[ 339 Pa. Super. Page 479]
to refuse any agreement to open or strike the judgment against Fidelity. This continued even after Fidelity proposed separate litigation to determine whether the Benson Zion Associates account had been properly subjected to attachment for payment of debts owed by Zion & Klein, P.A. AMI's continuing attempts to force Fidelity to pay the Zion & Klein judgment or collect payment thereof from Zion & Klein were clearly without foundation and served only to increase Fidelity's counsel fees. In addition, AMI rejected proposals by Fidelity to submit the underlying issue for decision to the court in an expeditious and inexpensive manner without the taking of depositions. Ultimately, the judgment was stricken by court order.*fn2
The default judgment which AMI caused to be entered against Fidelity without notice on the twenty-first day, when it knew that Fidelity's answers had been delayed because of its efforts to determine the relationship between Benson Zion Associates and Zion & Klein, P.A., was patently defective. Its attempt to use that invalid judgment as a device by which to force Fidelity to settle or obtain payment of AMI's claim against Zion & Klein, P.A., was without legal support. This conduct by AMI, the trial court could find, was arbitrary, obdurate and vexatious. An award of counsel fees as taxable costs, therefore, could properly be made. See and compare: Brenckle v. Arblaster, 320 Pa. Super. 87, 93-95, 466 A.2d 1075, 1078-1079 (1983); In re Estate of Roos, 305 Pa. Super. 86, 451 A.2d 255 (1982). See also: Queen City Electrical Supply Co. v. Soltis Electric Co., supra; Chervenak, Keane & Co. v. Hotel Rittenhouse Associates, Inc., supra, 328 Pa. Superior Ct. at 372-373, 477 A.2d at 490-491; Santoro v. City of Philadelphia, supra, 59 Pa. Commw. at 121-122, 429 A.2d at 117-118.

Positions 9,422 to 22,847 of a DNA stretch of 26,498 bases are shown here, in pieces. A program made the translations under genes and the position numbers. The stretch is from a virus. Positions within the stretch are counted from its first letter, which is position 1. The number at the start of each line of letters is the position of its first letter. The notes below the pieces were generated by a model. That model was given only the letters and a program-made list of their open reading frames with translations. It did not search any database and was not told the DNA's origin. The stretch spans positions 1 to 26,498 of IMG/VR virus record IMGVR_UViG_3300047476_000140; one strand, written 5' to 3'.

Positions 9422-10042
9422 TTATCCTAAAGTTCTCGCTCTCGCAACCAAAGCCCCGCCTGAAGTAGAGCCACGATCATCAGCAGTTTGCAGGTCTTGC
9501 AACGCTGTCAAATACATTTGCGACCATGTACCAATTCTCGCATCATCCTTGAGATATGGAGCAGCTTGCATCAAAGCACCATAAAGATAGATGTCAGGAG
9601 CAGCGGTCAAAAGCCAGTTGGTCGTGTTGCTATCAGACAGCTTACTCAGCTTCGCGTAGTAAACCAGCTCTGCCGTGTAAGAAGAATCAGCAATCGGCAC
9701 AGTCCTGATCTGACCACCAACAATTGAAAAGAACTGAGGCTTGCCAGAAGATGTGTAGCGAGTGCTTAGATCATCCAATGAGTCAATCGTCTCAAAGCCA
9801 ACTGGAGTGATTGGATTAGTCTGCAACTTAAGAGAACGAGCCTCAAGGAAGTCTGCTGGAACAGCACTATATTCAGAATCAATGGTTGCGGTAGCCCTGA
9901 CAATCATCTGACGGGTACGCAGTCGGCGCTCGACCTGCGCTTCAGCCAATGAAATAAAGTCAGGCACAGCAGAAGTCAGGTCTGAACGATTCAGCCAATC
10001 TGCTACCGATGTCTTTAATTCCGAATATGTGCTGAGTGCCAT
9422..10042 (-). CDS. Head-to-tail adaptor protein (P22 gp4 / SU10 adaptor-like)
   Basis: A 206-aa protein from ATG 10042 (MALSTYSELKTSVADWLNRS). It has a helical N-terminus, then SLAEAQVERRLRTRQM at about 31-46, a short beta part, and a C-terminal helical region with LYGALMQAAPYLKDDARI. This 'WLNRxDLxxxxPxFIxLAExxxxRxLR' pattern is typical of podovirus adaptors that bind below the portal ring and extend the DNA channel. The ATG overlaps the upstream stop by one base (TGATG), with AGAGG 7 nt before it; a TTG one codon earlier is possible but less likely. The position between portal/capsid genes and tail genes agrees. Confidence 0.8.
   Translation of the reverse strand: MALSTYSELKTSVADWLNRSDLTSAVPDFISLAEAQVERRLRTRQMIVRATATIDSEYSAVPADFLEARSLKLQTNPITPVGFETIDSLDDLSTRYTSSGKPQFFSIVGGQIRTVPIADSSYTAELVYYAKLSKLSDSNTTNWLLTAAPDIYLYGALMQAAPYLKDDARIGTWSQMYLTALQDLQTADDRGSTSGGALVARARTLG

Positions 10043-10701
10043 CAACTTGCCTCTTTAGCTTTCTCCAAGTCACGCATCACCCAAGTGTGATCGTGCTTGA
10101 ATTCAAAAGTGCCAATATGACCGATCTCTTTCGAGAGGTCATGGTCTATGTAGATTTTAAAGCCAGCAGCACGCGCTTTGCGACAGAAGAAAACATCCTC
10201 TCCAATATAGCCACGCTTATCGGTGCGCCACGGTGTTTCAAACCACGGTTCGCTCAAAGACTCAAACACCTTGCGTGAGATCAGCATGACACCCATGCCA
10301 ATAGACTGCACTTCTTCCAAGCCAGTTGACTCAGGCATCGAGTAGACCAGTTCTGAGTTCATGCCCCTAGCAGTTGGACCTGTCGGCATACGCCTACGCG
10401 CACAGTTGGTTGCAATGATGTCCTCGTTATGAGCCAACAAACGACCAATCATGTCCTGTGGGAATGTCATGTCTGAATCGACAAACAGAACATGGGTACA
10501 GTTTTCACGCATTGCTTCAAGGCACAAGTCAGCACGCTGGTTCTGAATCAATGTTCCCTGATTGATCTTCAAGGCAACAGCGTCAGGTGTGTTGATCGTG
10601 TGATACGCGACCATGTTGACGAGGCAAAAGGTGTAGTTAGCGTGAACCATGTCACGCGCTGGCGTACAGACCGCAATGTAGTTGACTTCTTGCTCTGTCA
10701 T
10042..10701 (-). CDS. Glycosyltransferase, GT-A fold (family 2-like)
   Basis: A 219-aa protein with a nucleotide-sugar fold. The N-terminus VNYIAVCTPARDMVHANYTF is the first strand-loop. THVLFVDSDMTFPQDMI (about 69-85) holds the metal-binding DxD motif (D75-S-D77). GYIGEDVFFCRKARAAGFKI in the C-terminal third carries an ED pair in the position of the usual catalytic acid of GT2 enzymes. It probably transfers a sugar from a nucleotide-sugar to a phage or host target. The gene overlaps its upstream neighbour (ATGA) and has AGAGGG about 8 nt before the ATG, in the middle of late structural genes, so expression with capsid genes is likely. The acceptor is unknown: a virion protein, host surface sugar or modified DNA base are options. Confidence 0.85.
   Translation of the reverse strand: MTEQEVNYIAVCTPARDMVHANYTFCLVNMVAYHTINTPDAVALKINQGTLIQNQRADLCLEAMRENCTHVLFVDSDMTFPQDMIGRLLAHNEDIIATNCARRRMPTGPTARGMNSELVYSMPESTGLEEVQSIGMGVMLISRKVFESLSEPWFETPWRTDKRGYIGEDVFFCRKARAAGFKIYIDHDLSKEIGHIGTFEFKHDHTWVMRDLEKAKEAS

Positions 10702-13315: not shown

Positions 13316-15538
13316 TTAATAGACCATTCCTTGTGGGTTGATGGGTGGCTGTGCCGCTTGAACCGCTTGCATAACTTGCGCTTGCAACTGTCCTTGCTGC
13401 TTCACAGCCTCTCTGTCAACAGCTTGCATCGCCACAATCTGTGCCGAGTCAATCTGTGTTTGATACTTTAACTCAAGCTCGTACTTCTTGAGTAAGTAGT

[ 339 Pa. Super. Page 480]
We reject AMI's argument that the arbitrary and vexatious conduct in this case was the product of counsel's belligerence and that Fidelity's counsel fees, therefore, should have been assessed against counsel and not his client. The general rule is that "[a] client is liable to a third person who is injured by an act which the attorney does in the execution of matters within his authority. 3 P.L.E., Attorneys § 31. See also: Steehler v. Volk, 109 Pa. Super. 190, 167 A. 424 (1933).
The trial court's award of counsel fees was based on 42 Pa.C.S. § 2503(7) and we have reviewed its order in that light. It may be observed, however, that Fidelity was also entitled to recover counsel fees under and by virtue of 42 Pa.C.S. § 2503(3). As a garnishee, it was not in possession of property of the debtor, Zion & Klein, P.A., other than that admitted in its answers to AMI's interrogatories. Appellant has never been able to demonstrate that the Benson Zion Associates account was properly subject to attachment for the debts of Zion & Klein, P.A.
An award of counsel fees is intended to reimburse an innocent litigant for expenses made necessary by the conduct of an opponent. Such an award is not usually intended to include reimbursement for fees and expenses incurred in proceedings to recover such attorney's fees under 42 Pa.C.S. § 2503. Cf. Weidner v. Workmen's Compensation Appeal Board, 497 Pa. 516, 442 A.2d 242 (1982). In the instant case, however, the request for counsel fees was included in the petition to open/strike the judgment; and it does not appear that the award of counsel fees included fees attributable to counsel's representation of Fidelity at the hearing on its claim for such counsel fees. The award of counsel fees in the amount of $2,821.00 does not constitute an abuse of discretion.
The order is affirmed.